# Seven cool Fibonacci functions

Whenever I learn a new language, some of the first things I write are some simple Fibonacci sequence functions, one recursive, one iterative, and one to make a sequence of the Fibonacci numbers up to n. These three problems usually reveal a good bit of the difference in philosophy between languages or demonstrate some of the different ways to approach a problem within a language. Here are some of the coolest Fibonacci functions I’ve found.

# Traditional Recursive

Here’s the standard recursive Fibonacci function in Python. We’ve all seen it before; it’s pretty boring and incredibly slow.

`def fib(n):`

if (n < 2):

return 1

return fib(n - 1) + fib(n - 2)

It does look pretty elegant in Haskell with pattern matching though:

`fib 0 = 1`

fib 1 = 1

fib n = (fib (n - 1)) + (fib (n - 2))selection-clipboard: primary

# Traditional Iterative

The iterative version, of course, is incredibly fast in comparison. It’s still pretty boring though.

`def fib(n):`

a, b = 1, 1

for i in range(n):

a, b = b, a + b

return b

# Binet’s Formula

Binet’s formula is a formula for the nth Fibonacci sequence:

And this is the first one-liner so far, but it’s pretty lame:

`def fib(n): `

return int((((1+5**0.5)/2)**n - ((1-5**0.5)/2)**n)/5**0.5)

# Haskell zipWith

Here’s where the fun stuff starts:

`fibs = 1 : 1 : zipWith (+) fibs (tail fibs)`

This creates a lazily generated infinite list of Fibonacci numbers. Using it, we can access the nth Fibonacci number by indexing or slicing the infinite list. For those unfamiliar with Haskell, this probably looks pretty magical, but I’ll try to explain it somewhat without trying to explain Haskell in general.

Essentially, for each element after the first two, we add the list to itself, but offset it by one:

[1, 1] -- starting list-- Add the offset list to the non offset list [1, 1]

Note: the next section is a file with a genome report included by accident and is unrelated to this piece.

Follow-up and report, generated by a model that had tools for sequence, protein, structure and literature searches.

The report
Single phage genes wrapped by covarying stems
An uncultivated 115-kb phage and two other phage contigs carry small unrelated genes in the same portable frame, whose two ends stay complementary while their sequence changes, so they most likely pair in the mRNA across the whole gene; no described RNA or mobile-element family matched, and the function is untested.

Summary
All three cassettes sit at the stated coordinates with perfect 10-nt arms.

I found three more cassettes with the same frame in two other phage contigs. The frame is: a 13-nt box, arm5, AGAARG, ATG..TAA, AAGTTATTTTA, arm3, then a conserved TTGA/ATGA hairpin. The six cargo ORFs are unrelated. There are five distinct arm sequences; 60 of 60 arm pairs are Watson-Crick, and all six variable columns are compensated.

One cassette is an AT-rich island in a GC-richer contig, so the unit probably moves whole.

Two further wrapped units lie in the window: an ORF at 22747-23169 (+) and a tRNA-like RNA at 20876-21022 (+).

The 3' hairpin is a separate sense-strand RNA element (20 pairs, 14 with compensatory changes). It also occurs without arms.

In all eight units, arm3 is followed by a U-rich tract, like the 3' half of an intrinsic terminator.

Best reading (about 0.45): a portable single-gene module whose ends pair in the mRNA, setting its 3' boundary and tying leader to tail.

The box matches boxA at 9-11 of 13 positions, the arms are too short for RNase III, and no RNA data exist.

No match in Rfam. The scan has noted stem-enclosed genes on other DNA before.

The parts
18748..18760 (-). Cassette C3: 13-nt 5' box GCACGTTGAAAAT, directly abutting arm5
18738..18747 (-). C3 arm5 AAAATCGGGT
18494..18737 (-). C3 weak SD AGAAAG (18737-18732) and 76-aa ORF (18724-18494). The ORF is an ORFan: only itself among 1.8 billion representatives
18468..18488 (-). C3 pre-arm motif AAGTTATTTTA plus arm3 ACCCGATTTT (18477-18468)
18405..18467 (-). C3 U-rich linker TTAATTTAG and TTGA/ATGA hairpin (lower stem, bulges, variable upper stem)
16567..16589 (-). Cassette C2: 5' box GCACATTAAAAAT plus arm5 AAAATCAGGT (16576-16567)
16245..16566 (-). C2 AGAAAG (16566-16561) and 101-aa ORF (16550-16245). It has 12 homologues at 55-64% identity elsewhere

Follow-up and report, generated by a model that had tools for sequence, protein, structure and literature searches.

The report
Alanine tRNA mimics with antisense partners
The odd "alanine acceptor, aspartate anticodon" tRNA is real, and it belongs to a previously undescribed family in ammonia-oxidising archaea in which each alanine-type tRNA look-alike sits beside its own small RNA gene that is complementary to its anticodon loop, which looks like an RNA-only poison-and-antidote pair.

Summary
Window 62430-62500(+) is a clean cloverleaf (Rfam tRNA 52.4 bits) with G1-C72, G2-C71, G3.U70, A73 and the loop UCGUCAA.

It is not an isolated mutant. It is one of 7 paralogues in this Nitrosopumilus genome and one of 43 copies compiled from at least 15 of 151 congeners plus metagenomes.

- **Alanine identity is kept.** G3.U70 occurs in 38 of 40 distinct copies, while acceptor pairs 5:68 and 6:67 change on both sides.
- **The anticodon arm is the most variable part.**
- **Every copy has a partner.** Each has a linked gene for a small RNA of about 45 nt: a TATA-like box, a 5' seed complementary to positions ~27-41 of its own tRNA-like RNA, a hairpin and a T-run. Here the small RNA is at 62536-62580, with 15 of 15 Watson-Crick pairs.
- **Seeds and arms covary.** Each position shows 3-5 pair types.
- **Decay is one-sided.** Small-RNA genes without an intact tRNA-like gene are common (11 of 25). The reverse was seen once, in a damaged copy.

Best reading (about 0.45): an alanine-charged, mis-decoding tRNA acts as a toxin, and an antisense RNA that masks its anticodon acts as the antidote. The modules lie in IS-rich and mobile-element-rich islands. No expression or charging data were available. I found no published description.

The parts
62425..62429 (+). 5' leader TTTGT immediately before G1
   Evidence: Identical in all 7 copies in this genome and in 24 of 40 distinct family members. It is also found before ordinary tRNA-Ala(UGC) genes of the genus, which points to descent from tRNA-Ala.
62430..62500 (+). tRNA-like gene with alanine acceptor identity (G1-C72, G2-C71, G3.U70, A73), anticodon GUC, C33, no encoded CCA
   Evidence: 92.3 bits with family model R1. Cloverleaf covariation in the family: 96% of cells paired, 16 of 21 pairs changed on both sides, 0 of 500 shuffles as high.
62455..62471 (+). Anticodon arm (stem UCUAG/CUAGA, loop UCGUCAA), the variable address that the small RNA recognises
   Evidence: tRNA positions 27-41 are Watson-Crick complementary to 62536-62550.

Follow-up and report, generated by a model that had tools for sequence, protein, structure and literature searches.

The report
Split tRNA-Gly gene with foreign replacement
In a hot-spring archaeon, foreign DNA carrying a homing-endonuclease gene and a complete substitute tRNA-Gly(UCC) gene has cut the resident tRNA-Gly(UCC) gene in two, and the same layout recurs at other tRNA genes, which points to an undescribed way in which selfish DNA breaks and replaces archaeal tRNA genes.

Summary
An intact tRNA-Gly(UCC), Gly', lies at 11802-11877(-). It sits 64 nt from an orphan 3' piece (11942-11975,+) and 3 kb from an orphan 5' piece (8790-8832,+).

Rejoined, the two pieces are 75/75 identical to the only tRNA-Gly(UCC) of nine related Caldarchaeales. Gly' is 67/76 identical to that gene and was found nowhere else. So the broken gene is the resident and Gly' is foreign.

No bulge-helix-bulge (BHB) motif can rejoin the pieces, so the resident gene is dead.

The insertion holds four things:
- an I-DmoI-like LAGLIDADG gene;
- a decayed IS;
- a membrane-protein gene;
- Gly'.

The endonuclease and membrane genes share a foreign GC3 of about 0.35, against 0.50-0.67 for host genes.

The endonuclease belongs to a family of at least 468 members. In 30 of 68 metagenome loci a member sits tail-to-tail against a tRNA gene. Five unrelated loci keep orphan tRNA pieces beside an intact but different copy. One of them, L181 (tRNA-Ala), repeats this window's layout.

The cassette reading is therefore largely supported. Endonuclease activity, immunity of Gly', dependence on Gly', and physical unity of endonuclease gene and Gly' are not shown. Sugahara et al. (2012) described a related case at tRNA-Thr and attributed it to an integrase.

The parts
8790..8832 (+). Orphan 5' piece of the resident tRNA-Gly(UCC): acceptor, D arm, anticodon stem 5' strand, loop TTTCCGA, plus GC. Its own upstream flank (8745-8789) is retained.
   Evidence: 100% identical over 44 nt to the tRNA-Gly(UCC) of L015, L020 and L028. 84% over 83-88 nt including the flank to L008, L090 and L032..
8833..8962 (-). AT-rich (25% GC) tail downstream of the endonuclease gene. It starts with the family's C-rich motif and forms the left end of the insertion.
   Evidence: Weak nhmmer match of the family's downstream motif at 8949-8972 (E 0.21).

+ [1]-- resulting in:

[1, 1, 2]-- and then again;

[1, 1, 2]

+ [1, 2]-- resulting in:

[1, 1, 2, 3]

# Recursive Python Oneliner

This is a profoundly stupid implementation, but it’s what I came up with when asked to write a Fibonacci sequence one-liner in Python without using Binet’s formula.

`def fibs(n): [fib(x) for x in range(n) for fib in [lambda x: 1 if x < 2 else fib(n - 1) + fib(n - 2)]]`

Essentially, this function uses a one-element list comprehension to create a Fibonacci function inline. It’s slower than even the standard recursive function, but it’s a funny trick.

# .fold() Oneliner

This next one is a pretty cool take on the standard iterative version which works in any language with a `.fold()`

method and anonymous functions. Here’s what it looks like in Rust:

`fn fib(n: usize) -> usize {`

(0..n).fold((0, 0), |(a, b), _| (b, a + b)).1

}

This is pretty straightforward to understand if you’re familiar with `.fold()`

and higher-level functions, and in Rust, it’s just as fast as the standard iterative function.

# Infinite Generator

Haskell’s zipWith Fibonacci function is neat in part because it lazily generates an infinite list of Fibonacci numbers which can later be indexed or sliced. While laziness is a core part of Haskell, this can also be done in languages with generators or lazy iterators.

`def fibs():`

a, b = 1, 1

while True:

yield b

a, b = b, a + b

Well, that’s the last one I’ve got, but I’m sure there’s plenty that I’ve missed. In particular, I’m interested in any neat Lisp solutions. If you’ve got anything cool, please feel free to share it below!